Adsorption experiments: To determine relationship between four independent factors of pH (A), starch dose (B), initial CFX concentration (C) and retention time (D) in CFX removal by rice starch, CCD was used. The experiments were performed in 30 ml Erlenmeyer flasks at initial CFX concentrations, and pH, starch dose and retention time were designed by Design Expert. To separate starch from solution, the samples were centrifuged at 4000 rpm for 10 min. The pH of the samples was adjusted using 0.1 N solutions of either HCl or NaOH and measured by pH meter (Inolab pH=7110 model, WTW). CFX concentration was determined using spectrophotometer (Cecil 7250 Model) at a wavelength of 288.5 nm. Finally, the removal efficiency of CFX was calculated by Eq.1:


RE (%) = [(C0-Ct)/C0]/100%

Where RE is the removal efficiency of CFX (%), and C0 and Ct show initial and final concentrations of CFX (mg/L), respectively.


Results :

Statistical analysis: Based on statistical analysis (Table 3), one-way analysis of variance (ANOVA) shows the significance of model in elimination of CFX by different parameters (pH, starch dose, initial CFX concentration and retention time). Also, based on F-value (22.41), the model was found to be significant which means only 0.01% of data variables are likely not to be considered by the model. The Prob>F value was less than 0.05, which means the model statements are significant. The F-value for Lack of Fit in this study was 4.18, demonstrating that the relationship between Lack of Fit and pure error was not significant. In this study, the terms B, C, CD, BD, AD, AC, AB, C2 were significant (p<0.05). The results obtained for the analysis of cefixime removal are presented in table 3. The values of regression coefficient (R2) and adjusted regression coefficient (Adj. R2) for the predicted quadratic model were 0.954 and 0.911, respectively.

The regression coefficient predicted by the model (Pred. R2) was also equal to 0.758 which indicates experimental values were consistent with predicted value of the model. The value of Adeq precision in predicted quadratic model was 20.7 which is a value greater than 4, indicating the accuracy of the predicted model. According to table 3, the maximum to minimum response ratio is greater than 3. Hence, to improve the model and consider the most appropriate power transmission function on the response, the Box-Cox test was applied. The Box-Cox diagram brings the data distribution closer to normal distribution. In this test, the best values of Lambda and constant K were chosen to be 1.61 and 0.73, respectively. Therefore, the improved model is demonstrated as a quadratic equation in Eq. 2:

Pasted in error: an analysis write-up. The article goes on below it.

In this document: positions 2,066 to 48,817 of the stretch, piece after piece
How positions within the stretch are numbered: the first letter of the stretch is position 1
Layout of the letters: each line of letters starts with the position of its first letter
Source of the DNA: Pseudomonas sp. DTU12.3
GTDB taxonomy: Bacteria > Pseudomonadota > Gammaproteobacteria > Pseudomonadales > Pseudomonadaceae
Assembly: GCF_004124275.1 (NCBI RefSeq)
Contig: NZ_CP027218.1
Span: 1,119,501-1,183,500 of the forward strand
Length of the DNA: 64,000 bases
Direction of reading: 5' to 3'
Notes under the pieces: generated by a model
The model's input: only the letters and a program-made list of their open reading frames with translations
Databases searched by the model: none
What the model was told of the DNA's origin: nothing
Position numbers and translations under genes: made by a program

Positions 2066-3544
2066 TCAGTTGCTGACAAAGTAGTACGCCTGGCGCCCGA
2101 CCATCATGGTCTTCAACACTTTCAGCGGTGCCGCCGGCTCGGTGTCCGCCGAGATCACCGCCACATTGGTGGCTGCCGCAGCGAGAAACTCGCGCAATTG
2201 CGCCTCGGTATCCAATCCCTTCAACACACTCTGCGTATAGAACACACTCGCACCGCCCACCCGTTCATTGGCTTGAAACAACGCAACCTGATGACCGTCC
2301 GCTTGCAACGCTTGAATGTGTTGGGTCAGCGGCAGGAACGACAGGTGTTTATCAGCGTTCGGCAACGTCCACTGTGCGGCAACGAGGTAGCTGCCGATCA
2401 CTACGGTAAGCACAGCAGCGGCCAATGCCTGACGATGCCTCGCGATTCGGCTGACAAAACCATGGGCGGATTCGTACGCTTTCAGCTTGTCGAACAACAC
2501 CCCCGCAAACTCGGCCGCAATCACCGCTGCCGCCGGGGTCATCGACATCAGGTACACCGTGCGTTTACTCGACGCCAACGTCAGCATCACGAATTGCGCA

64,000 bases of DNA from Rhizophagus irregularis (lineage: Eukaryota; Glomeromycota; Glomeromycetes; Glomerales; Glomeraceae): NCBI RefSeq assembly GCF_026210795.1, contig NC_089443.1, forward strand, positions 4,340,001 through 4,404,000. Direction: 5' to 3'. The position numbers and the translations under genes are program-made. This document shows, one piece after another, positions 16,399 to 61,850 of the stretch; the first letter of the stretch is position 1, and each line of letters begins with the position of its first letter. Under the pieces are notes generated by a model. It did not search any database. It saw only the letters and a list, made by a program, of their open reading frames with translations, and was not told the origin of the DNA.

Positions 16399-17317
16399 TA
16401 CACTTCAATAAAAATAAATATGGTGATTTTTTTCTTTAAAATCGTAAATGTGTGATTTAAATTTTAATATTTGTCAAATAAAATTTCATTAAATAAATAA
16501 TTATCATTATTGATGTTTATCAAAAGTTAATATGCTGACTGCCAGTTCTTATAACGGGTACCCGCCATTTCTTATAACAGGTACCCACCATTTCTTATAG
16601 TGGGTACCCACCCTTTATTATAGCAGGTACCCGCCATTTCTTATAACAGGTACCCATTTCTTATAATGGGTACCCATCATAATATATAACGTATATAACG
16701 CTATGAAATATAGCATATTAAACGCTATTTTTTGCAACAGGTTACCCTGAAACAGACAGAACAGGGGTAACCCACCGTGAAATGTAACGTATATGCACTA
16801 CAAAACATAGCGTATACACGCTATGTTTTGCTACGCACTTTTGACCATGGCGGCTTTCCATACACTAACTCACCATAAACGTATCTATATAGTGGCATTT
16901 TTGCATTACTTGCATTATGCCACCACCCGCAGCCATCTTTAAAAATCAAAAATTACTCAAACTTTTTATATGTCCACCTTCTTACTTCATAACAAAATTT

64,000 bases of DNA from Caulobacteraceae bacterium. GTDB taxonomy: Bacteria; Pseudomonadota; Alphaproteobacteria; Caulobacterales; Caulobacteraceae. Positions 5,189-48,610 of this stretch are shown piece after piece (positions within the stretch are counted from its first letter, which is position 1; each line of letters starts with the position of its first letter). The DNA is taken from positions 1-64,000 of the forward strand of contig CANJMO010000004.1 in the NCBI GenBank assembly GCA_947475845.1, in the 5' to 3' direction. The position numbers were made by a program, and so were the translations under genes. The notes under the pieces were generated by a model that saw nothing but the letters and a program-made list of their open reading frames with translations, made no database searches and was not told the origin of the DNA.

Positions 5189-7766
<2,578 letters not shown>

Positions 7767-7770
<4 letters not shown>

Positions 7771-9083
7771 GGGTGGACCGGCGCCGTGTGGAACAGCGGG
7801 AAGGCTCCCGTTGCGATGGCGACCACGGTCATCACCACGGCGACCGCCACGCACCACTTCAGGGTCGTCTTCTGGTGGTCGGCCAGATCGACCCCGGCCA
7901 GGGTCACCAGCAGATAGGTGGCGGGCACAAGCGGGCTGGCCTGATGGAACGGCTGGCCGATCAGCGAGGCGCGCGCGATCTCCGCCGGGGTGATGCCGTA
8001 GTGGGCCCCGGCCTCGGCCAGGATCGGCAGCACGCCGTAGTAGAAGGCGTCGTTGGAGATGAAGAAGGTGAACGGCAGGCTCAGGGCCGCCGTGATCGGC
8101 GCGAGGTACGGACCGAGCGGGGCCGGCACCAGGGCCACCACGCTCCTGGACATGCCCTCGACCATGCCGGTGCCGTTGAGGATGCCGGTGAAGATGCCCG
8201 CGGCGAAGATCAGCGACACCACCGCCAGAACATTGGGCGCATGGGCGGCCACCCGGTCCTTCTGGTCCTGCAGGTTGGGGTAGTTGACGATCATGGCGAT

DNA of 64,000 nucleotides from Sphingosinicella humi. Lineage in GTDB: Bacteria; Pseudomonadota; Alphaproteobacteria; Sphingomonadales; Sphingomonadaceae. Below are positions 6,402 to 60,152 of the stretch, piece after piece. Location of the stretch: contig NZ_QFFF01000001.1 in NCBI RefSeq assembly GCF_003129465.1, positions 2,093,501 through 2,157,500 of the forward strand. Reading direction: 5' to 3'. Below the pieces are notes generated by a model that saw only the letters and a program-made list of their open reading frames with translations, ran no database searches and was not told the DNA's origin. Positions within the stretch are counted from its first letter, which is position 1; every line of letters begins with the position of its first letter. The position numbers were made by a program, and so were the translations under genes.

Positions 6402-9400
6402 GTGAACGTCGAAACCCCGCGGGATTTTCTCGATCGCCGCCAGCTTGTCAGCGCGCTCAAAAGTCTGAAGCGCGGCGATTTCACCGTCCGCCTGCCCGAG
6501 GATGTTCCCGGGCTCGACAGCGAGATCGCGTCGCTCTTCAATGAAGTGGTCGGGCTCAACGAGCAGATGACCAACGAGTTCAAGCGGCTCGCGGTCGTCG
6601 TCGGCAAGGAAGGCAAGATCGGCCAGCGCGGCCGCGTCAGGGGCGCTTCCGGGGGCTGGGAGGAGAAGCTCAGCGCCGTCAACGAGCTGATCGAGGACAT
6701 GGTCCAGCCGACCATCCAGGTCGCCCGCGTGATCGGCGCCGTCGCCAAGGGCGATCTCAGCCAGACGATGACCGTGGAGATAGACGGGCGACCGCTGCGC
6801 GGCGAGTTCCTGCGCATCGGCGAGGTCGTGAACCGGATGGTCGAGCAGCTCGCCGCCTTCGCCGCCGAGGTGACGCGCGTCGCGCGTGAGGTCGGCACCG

(R+0.73)1.61=+763.81+3.45 *A+122.74 *B+127.23
*C-20.63 *D-40.25 *A *B+67.27 *A *C-36.74 *A *D-23.66 *B *C+37.96 *B *D-41.01 *C *D-26.68 *A2-3.23 *B2-118.08 *C2+7.70 *D2

Effect of process parameters on CFX removal efficiency: 3D contours and perturbation plot were evaluated to assess the effect of variables on CFX removal efficiency using rice starch. As figure 2 shows, the perturbation plot was used to compare the effect of independent factors at a specific point in the design location. In this graph, the slope of each line indicates the effect of that factor on the amount of pollutant removal. In this plot, factors B (Starch dose) and C (Initial CFX concentration) were most effective. According to Eq 2, the initial CFX concentration with a coefficient of 127.23 had the most positive effect on CFX removal.

3D contours in figures 3A and B show the interactions between pH, initial CFX concentration, starch dose and retention time in CFX removal rate. Figure 3A shows the interaction between the initial CFX concentration and pH. As the initial CFX concentration increased to 10 mg/L, the rate of CFX removal increased and then it slowed down. By reducing the pH from 7.5 to 4.5, the amount of pollutant removal increased. As figure 3B shows, the removal rate increased by increasing starch dose and reducing contact time from 95 min to 45 min.